Former basketball standout Kevin Gaines finally had enough.
He hadn’t picked up a basketball in seven years, put on more than 50 pounds and was wearing 44-inch waist pants, and spent too much time drinking alcohol and going out to Houston-area nightclubs. For all intents and purposes Gaines’ basketball career — one where his off-the-court troubles overshadowed his solid performances — was nothing more than a bad memory.
The 6-foot-4 guard from Clark High School, who was a five-star recruit and elite point guard prospect for the class of 1999, was living the life everyone assumed he would after being kicked out of two college basketball programs more than a decade ago for alcohol-related arrests.
Instead of continuing to shine at Michigan, where as a freshman he averaged 11.7 points and 4.8 assists in playing 32 minutes per game, Gaines was dismissed from the team before his sophomore season after being arrested for drunken driving. He received a second chance after transferring to Houston, but never finished his sophomore season after being arrested for assaulting a woman at nightclub.
That arrest was essentially the last time Gaines has been heard from. But, thanks to his recent dedication to living a clean live and re-establishing his basketball legacy, Gaines’ career still isn’t finished.
In 2009, he quit drinking and decided to give basketball one last try. He shed the weight, slowly got his skills back and is starting to resemble his old self.
He emerged this winter at the Euro Challenge Camp in Las Vegas — a tryout of sorts for professional teams overseas. He weighed about 195 pounds and had the quickness back in his game. It was like the Gaines that shined at Clark, where he was a four-year starter, part of the United States’ Junior national team and the Sun’s Player of Year in 1999.
Gaines earned a professional contract with Yaralla Port City Power of the Queensland Basketball League in Australia. Finally, after nearly a decade of inactivity, Gaines was back.
By no means is this a top professional league — it’s the D-League of Australia — but for Gaines it marks a major accomplishment in his comeback. And, this time, he’s more mature to handle the responsibilities. He leaves this week and the season starts in May.
“My journey isn’t over. It’s just beginning,” he said. “As I got older and started to look back at things, I realized it was my fault. I put myself in those bad situations. They were my bad decisions. But I’ve changed. We all do. Like my cousin says, you are a walking resume. I have to walk around knowing what I want to accomplish.”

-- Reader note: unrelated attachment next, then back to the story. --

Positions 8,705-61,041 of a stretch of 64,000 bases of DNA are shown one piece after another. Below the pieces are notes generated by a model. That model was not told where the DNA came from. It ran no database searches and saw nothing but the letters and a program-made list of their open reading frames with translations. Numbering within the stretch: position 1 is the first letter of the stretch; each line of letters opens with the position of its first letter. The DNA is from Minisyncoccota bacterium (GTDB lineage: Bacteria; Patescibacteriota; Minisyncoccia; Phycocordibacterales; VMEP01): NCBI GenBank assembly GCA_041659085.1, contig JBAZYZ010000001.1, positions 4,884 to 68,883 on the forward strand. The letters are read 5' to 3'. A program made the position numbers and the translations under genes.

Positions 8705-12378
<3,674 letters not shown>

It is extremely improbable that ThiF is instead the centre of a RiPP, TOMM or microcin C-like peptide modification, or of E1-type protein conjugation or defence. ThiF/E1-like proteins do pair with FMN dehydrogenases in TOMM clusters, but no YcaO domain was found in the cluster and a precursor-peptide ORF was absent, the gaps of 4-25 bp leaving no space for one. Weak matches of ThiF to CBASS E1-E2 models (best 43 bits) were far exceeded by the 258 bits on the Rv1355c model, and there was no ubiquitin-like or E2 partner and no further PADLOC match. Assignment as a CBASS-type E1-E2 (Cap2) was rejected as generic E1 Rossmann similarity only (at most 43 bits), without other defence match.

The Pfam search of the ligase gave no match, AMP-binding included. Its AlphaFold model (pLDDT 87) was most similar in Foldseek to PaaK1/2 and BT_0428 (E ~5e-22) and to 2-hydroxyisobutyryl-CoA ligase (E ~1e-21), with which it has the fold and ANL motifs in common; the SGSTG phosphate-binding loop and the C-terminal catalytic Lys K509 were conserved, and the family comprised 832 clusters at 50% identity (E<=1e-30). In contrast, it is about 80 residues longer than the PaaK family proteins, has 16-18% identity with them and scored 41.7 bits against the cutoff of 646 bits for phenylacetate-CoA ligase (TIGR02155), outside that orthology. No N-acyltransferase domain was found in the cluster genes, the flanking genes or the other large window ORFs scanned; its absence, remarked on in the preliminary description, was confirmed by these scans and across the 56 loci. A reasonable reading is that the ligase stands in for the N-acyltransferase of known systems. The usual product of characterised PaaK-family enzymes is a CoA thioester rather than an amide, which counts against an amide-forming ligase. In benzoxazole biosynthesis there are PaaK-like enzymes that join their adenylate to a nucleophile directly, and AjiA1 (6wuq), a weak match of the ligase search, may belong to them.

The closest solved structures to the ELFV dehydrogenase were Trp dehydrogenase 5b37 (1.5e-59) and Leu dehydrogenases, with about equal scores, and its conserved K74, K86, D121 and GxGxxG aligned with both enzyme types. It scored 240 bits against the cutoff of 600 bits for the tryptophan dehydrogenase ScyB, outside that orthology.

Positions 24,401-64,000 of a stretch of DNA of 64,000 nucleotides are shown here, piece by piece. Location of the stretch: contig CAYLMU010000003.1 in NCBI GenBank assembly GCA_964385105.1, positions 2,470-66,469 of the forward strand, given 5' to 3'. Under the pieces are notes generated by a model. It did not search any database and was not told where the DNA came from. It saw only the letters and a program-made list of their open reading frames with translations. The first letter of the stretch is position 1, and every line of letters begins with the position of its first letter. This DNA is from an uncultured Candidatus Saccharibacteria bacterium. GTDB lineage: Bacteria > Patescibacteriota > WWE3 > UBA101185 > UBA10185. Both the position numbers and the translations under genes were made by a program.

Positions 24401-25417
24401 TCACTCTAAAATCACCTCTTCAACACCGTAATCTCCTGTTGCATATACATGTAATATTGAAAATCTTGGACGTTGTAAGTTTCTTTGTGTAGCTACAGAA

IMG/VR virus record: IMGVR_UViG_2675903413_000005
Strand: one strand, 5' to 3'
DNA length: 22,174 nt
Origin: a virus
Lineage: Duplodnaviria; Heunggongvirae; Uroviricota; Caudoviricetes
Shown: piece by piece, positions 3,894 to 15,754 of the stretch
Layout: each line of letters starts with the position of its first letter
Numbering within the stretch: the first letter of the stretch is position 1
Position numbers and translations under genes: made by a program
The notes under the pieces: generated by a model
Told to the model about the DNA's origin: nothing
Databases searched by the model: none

And part of the future is acknowledging the past. He takes responsibility for the mistakes and has googled his name plenty of times to rehash those immature actions.
“It reminds me of where I came from and where I am at,” Gaines said. “All of that stuff is my fault. There is nothing I look back on say I wish I could erase. That stuff helped me get to where I am now.”
Gaines had done so much damage to his career and personal life that several in his circle of trust started to believe excelling in basketball — or life — might never happen. Mitch Mitchell, his AAU coach with Mad Moves, had been a loyal advisor every step of the way and through both arrests. He couldn’t believe the self-destruction.
“The last time I saw him was in 2004 and I told him to ‘lose my number until you get your life back together’,” Mitchell said. “I was there for him through everything, but he had to grow up. He messed himself up at Michigan and Houston. But you know the best thing? He conquered it. He doesn’t drink anymore. He goes to church. He is clean. That’s an incredible story.”
Mitchell was shopping at Sunset at Galleria mall in 2009 when he ran into Gaines’ mother. “She said you have to get back in Kevin’s life,” Mitchell said.
It took about two weeks for the men to contact each other, but once Mitchell got Gaines on the phone his message was simple: Give basketball one more try.
First things first. Gaines had to lose the weight. “He weighed 255 pounds and that’s me being generous,” Mitchell said.
Soon Gaines moved back to Las Vegas to continue his conditioning and reclaim his basketball skills under Mitchell’s watchful eye. Gaines joined a competitive league at the Tarkanian Basketball Academy behind Palace Station and realized his could still play.
“Being able to sit back and look at the game of basketball, I appreciate it more now,” Gaines said. “I always wanted to be in the NBA and be a great basketball player, but I never knew the dedication of it. When you are young, sometimes you get sidetracked and don’t focus on the big picture.”
For Gaines, that bigger picture involves more than basketball.
Gaines, a father of three, has a family to support and bills to pay. He works at a Las Vegas Athletic Club and took a night job cleaning a doctor’s office. He would often return home from work at 7 a.m. to take a quick nap for an early afternoon practice — either conditioning at the UNLV track or working on his skills at a gym.
Yes, this is a different Kevin Gaines. He hasn’t had alcohol since 2009, doesn’t go to the clubs and is focused on changing his legacy.
He doesn’t want to be remembered for the DUI in Michigan or his failed college career.
“With the troubles I had got into in school and the problems I had in basketball, I let myself down, I let my family down and the city of Vegas down,” Gaines said. “From leaving out of here with all that potential, I just decided to stay away. I felt I couldn’t show my face because the legacy I had when I left here.”